If you love using biographies or historical fiction to help bring your history studies alive in your homeschool, Bessie’s Pillow will be a welcome addition to your early 20th century line-up. Based upon a true story, this book from Strong Learning, Inc. is about a young Lithuanian immigrant’s journey to America and her new life there.
I’ve got a treat for you today: a special guest blogger. My 13-year-old daughter, Mary, recently read this book and has agreed to review it.
Mary’s Review of Bessie’s Pillow
Bessie’s Pillow is a story about a young woman named Boshka’s journey to America and the life she makes for herself when she arrives. It begins in 1906, when Boshka (who’s name is later changed to Elizabeth), an 18-year-old Jewish immigrant, flees from within the Pale of Settlement, specifically, Lithuania.
In 1906, Lithuania was part of the Russian Empire, and all the Lithuanian Jews were rounded up and forced to live together in a place called the Pale. It is out of the harsh treatment and brutal conditions of the Pale that Bessie is journeying, hoping to make a better life for herself in America.
Right before she boards the train out of Vilna, Lithuania, one of Bessie’s neighbors comes to her with a strange request: to take a handmade pillow to the woman’s son, Nathan Dreizen, who lives in America. On the pillow are the words: May this pillow bring you peace. So Bessie carries the pillow all the way across the Atlantic ocean, and after many years it does, in the end, bring her peace.
Bessie’s Pillow is told in the first person present tense, an unusual perspective, so it took me a while to get into the book, but I still really enjoyed it. I do wish that there was a bit more description, though, because when I read I visualize the characters and their surroundings, and I had trouble doing that with this book. Because of this, sometimes I felt disconnected from the plot, and not drawn in , like I usually do.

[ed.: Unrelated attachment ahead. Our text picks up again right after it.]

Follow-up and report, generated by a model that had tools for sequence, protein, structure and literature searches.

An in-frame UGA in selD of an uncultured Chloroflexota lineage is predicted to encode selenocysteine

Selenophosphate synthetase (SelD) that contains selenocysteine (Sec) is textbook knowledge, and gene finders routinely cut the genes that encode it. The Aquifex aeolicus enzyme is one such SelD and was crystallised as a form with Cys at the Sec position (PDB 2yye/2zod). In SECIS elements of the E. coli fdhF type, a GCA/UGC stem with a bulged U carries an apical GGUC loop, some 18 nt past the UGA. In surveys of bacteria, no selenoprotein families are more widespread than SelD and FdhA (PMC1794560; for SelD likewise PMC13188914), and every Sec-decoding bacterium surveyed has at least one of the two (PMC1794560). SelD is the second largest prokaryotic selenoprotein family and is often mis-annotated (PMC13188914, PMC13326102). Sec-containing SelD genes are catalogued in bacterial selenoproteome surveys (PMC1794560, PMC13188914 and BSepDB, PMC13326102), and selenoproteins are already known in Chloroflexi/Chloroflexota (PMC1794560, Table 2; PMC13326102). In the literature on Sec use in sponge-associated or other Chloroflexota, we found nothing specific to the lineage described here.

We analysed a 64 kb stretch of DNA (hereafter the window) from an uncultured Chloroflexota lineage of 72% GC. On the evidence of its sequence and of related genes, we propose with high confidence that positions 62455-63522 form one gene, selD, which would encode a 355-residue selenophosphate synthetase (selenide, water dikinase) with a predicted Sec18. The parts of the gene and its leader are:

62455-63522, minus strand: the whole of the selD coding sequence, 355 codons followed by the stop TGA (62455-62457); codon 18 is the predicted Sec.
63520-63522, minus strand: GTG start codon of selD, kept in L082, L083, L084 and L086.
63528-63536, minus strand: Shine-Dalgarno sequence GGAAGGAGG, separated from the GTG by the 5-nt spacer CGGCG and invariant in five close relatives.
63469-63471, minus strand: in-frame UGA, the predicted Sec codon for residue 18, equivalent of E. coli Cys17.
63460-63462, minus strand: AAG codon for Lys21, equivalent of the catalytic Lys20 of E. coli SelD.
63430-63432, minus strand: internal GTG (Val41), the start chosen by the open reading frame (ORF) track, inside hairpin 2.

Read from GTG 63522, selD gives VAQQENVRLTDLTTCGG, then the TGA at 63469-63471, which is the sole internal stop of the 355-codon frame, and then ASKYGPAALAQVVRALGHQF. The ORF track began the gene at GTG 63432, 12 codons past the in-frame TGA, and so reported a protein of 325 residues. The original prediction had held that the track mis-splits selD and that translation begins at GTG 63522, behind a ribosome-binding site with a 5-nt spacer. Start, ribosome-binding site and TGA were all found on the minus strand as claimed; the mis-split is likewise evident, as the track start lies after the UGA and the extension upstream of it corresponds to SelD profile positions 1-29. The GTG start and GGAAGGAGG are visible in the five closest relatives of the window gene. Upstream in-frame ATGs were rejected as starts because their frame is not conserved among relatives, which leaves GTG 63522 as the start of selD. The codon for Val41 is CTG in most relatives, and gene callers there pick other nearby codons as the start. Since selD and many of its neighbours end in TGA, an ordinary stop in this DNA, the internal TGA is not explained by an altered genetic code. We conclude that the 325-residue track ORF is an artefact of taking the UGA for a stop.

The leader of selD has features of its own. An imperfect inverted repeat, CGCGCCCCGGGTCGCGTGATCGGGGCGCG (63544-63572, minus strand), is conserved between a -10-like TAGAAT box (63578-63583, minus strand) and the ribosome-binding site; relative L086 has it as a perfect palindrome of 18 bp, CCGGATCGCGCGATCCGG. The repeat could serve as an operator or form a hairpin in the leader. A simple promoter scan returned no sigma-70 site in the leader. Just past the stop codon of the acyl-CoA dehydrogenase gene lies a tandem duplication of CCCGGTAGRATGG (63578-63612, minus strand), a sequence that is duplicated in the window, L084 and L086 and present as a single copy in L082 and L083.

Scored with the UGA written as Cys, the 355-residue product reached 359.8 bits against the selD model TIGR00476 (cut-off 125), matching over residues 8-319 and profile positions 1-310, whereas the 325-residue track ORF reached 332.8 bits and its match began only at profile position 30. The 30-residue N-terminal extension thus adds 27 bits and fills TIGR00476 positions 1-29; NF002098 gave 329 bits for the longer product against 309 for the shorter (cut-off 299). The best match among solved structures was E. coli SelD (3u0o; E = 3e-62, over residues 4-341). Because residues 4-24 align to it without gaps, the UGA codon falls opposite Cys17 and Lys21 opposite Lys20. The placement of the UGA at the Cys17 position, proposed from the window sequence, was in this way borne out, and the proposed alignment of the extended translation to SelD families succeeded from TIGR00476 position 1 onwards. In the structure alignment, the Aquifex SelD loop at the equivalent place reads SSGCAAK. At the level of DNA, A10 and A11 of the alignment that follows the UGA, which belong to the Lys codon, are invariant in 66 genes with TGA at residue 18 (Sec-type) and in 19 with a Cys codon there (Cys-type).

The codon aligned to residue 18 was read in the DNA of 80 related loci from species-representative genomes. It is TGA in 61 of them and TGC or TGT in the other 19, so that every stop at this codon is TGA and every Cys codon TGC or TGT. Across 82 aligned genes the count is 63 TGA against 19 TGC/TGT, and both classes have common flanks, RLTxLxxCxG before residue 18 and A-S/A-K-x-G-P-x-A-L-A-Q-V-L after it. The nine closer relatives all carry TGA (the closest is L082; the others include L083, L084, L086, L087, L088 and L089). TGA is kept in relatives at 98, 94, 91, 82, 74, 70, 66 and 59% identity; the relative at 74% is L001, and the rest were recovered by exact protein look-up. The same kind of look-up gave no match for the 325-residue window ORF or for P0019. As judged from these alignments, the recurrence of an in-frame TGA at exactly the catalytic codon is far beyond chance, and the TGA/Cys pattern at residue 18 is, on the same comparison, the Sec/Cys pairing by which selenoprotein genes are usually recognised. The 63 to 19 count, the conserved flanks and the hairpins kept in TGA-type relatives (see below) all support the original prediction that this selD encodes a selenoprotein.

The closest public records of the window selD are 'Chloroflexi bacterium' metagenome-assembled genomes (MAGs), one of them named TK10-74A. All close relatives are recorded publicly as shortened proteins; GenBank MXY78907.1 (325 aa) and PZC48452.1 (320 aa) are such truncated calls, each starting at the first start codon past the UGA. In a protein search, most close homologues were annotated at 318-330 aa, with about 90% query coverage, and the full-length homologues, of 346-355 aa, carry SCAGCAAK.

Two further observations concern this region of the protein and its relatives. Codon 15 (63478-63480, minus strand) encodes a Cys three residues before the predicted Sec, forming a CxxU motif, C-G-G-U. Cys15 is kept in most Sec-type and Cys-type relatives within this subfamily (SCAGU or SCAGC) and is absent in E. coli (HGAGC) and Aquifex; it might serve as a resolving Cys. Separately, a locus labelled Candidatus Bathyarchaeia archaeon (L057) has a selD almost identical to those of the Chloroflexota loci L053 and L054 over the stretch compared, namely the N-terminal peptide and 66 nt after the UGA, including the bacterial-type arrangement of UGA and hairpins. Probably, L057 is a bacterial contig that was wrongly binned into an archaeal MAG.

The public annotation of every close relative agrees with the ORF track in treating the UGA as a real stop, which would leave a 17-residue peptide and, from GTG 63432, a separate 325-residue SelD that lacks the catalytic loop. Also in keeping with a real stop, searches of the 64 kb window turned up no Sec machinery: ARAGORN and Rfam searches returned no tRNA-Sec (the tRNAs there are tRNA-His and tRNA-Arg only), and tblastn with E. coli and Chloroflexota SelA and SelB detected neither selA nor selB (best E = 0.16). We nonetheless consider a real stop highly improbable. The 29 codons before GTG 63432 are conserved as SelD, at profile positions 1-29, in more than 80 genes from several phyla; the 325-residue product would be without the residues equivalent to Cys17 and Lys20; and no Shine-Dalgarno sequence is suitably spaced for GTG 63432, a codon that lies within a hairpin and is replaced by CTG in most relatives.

I like the main character, Bessie, though, because she is such a strong character. Instead of marrying and letting her husband take care of her, like most women did at the time, she found her own way in the world. Even after she did marry, she and her husband, (spoiler alert) Nathan, shared equal responsibility. After his death, she even took over his business.
Before she met her husband, she had two other marriage proposals, but turned both of them down: “…then I realize what is wrong. His American dream is different from mine.”(pg. 34) Bessie knows from the start that her future does not lie with either of them.
Bessie’s story in based on an the true story of the author’s grandmother, Bessie Markman Dreizen. She escaped from the Pale and immigrated to America, just like in the book. She faced many problems and had many sorrows, just like in the book. But she also had many joys and happy memories, just like Bessie.
Mary recommends Bessie’s Pillow for ages 12 and up.
Companion Website for Bessie’s Pillow
In addition to Bessie’s story, the book also contains an extensive appendix with numerous extras, including photographs from Bessie Markman Dreizen’s life, information about “Bessie’s America,” and links to various online resources.
You can also find all these resources and perhaps more (including clearer copies of the photographs) on the free companion site, Bessie’s America. The website makes it easy to access lots of neat things, including links to trailers of movies that were playing during Bessie’s lifetime, music, documentaries about current events of the time, and more. This would be a great resource to add to your middle or high schooler’s history studies, but even elementary students may enjoy some of the videos.
Bessie’s Pillow: A Young Immigrant’s Journey by Linda Bress Silbert is available from Strong Learning, Inc.
Read more reviews of this book from my fellow Homeschool Review Crew members here: